An anti-trust lawsuit against Apple is set to go to trial after a U.S. district judge denied Cupertino’s motion for summary judgement, a recent report explains.
According to Ars Technica (via AppleInsider), the ruling against Apple came from U.S. District Court Judge Yvonne Gonzales Rogers last week, and the case originally dates back to 2004. A class of customers who purchased a range of Cupertino’s iPods between 2006 and 2009 could secure part of up to $350 million in damages if their day in court goes well.
The publication explains:
According to plaintiffs, Apple allegedly stifled competition in the digital music space by implementing FairPlay DRM protocols that supposedly “locked” iPod users in to the iTunes ecosystem. By making songs purchased through competing services unplayable on iPods at the time, Apple is said to have dissuaded users from switching over to other platforms, specifically those built by RealNetworks.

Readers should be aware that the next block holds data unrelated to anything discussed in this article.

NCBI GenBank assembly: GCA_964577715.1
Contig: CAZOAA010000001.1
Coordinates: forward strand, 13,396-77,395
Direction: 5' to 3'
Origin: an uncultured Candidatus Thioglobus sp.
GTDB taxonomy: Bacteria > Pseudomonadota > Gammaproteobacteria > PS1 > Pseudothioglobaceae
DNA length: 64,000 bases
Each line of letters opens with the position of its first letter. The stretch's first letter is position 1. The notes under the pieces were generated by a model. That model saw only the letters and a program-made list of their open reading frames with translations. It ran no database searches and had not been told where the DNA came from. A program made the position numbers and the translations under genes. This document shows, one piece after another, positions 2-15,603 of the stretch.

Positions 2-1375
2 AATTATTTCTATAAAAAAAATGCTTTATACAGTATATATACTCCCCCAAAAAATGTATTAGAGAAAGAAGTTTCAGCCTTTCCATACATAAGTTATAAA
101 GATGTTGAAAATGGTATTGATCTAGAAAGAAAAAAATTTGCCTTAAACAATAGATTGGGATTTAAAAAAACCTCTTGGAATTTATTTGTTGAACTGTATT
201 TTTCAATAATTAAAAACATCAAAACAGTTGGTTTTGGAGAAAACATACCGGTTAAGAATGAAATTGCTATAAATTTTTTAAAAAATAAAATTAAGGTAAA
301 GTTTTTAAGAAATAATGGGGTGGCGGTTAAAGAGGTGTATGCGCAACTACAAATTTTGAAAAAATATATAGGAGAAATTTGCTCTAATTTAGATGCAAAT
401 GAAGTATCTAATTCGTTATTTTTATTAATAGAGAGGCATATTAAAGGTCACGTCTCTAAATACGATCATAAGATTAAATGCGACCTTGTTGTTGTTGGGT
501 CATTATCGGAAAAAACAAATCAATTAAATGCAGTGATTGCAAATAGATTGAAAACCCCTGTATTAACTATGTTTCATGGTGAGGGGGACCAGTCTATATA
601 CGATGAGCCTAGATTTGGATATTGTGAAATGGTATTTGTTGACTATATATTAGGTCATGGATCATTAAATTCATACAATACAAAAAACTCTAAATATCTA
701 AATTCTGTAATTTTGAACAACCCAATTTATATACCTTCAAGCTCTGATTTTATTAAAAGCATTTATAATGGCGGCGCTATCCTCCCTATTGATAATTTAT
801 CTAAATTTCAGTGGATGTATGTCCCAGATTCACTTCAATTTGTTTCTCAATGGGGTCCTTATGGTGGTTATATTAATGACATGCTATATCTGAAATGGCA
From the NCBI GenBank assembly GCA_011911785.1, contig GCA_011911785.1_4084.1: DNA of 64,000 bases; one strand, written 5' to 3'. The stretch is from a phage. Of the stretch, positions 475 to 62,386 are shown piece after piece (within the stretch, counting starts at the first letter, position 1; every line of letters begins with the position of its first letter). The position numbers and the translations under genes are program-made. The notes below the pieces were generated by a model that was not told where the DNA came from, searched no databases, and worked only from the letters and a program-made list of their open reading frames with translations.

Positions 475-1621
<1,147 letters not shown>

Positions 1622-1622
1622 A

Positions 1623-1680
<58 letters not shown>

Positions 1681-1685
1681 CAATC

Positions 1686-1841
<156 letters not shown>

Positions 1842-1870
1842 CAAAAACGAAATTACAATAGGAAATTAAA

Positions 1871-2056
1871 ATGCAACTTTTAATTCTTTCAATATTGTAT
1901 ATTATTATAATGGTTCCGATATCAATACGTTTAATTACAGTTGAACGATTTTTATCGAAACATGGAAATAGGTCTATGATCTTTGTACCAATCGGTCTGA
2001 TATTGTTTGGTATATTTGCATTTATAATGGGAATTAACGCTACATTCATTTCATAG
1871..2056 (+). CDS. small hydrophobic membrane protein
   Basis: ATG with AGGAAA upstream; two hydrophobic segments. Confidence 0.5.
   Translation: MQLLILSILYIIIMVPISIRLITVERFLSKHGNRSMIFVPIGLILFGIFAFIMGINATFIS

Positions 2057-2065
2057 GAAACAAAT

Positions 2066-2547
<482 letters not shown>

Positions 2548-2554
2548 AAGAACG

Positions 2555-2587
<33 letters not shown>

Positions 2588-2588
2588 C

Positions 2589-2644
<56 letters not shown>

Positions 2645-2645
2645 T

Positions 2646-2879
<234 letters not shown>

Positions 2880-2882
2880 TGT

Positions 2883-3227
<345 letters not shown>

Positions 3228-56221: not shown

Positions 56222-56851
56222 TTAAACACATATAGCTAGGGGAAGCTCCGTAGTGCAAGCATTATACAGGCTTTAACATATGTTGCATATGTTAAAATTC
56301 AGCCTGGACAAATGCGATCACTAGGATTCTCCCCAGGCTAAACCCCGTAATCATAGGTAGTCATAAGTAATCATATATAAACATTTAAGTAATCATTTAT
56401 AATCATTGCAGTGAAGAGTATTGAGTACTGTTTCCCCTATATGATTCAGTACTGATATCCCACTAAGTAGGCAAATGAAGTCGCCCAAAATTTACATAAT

As rival platforms were updated to gain compatibility with Apple’s line of iPods, Cupertino issued updates to iTunes which recurrently blocked such third-party platforms, like RealNetworks’ Harmony. “This allegedly incurred discouraged users from switching to iPod competitors when upgrading hardware, as they would have to repurchase the same music, convert tracks to a non-DRM format using iTunes 7.0’s built-in CD burning technique, or let go of the protected music altogether,” the report adds.
The trial is scheduled for Nov. 17, 2014, though we’re expecting Apple to settle with plaintiffs in advance of this date. We’ll keep you updated with further information as we receive it.
In the meantime, see: Best new games of the week: Asphalt Overdrive and Joinz, AppAdvice Daily: Tetris-like action and ’80s racing with our best new games, and Tim Cook reflects on the third anniversary of Steve Jobs’ death in an email to Apple employees.